In fact, since cutting down significantly over the last couple of years, I’ll sometimes go four or five days without even thinking about smoking - until the urge takes hold and before I know it I’m splashing out on a pack of Benson & Hedges from the nearest off-licence.
So although it’s not technically my first day being smoke-free, it’s the first day of consciously being a bona fide non-smoker. A different kettle of fish altogether. Daunting, almost.
Because going a few days without smoking is something I’m used to, I’m going cold turkey for now. No nicotine patches, no special gum, no e-cigarette. I imagine I’ll be fine for the first three or four days; the real litmus test will be on the occasions where alcohol (and, by extension, cigarettes) will be out in force.
Tuesday 2nd October
Aside from some non-smoking research, for most of this morning I hardly gave cigarettes a thought. Since lunchtime, however, I’ve started to get noticeably grumpy after the allure of nicotine started to kick in. I’ve already tallied twenty-two cravings today - and it’s only 4pm.
Perhaps it’s just one of those days. In any case, it’s probably going to be a long month.
Wednesday 3rd October
This morning was a stressful one: I planned to start reading a new book en route to work, but being unable to lift my arms due to the rush-hour crush on the train put pay to that. And that made me want a cigarette, too. I never usually smoke in the morning, so the withdrawal effects are definitely kicking in.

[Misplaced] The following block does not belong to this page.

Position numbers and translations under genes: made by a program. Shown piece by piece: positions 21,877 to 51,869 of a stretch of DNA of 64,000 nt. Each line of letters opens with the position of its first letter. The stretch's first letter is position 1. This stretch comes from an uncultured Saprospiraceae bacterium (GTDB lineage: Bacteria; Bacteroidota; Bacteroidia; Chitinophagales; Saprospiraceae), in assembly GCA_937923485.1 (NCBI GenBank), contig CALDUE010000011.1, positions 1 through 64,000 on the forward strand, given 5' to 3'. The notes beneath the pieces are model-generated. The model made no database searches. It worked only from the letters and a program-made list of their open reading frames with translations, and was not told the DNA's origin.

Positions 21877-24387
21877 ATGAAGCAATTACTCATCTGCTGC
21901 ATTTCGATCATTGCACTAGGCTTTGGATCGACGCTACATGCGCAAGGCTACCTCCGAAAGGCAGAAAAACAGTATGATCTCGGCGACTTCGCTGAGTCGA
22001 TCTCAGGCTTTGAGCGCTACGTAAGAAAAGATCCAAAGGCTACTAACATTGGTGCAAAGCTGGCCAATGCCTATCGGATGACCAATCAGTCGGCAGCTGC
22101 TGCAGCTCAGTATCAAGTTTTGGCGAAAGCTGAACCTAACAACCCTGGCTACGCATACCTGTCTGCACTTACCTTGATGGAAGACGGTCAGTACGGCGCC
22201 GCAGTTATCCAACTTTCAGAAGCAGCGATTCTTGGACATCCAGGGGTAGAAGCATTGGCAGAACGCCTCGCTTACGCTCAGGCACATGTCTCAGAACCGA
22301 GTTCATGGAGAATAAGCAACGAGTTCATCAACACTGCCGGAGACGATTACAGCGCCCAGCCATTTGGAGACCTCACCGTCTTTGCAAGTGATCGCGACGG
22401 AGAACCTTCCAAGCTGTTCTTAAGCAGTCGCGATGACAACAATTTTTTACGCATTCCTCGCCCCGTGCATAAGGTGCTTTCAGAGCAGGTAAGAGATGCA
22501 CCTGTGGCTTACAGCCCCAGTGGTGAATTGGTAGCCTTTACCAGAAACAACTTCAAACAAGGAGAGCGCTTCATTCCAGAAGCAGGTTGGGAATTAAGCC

As I bring myself back to my senses, I’m reminded of this Allen Carr quote:
“The moment you stop smoking, everything that goes wrong in your life is blamed on the fact that you’ve stopped smoking.”
Too right, Allen, too right.
Now that my mood is swinging back to a more positive standpoint I’d also like to apologise to my hungry coworkers, as I’ve done a real smash-and-grab job on the office biscuit jar today. I’ve heard that many people who give up smoking initially gain weight, so I need to try and curb this ravenous appetite for bourbons.
Since the cravings have started to lessen in intensity, I’ve been drinking lots of water and have controlled the urge to smoke by focusing on small work-based tasks (aided by a soundtrack of heavily repetitive krautrock). Three days in, and just about coping.
Thursday 4th October
Today was the first real test of my Stoptober: going out for a reunion with smoking friends.
Despite the ferocious onslaught of tobacco-laden temptation that lasted throughout the course of the evening, I’m happy to say that I’m still smoke-free. It was a tough old slog, but I’m mightily relieved to have come out the other side without putting nicotine back in my system (according to the NHS, the nicotine levels in a person’s body are depleted after 48 hours of not smoking).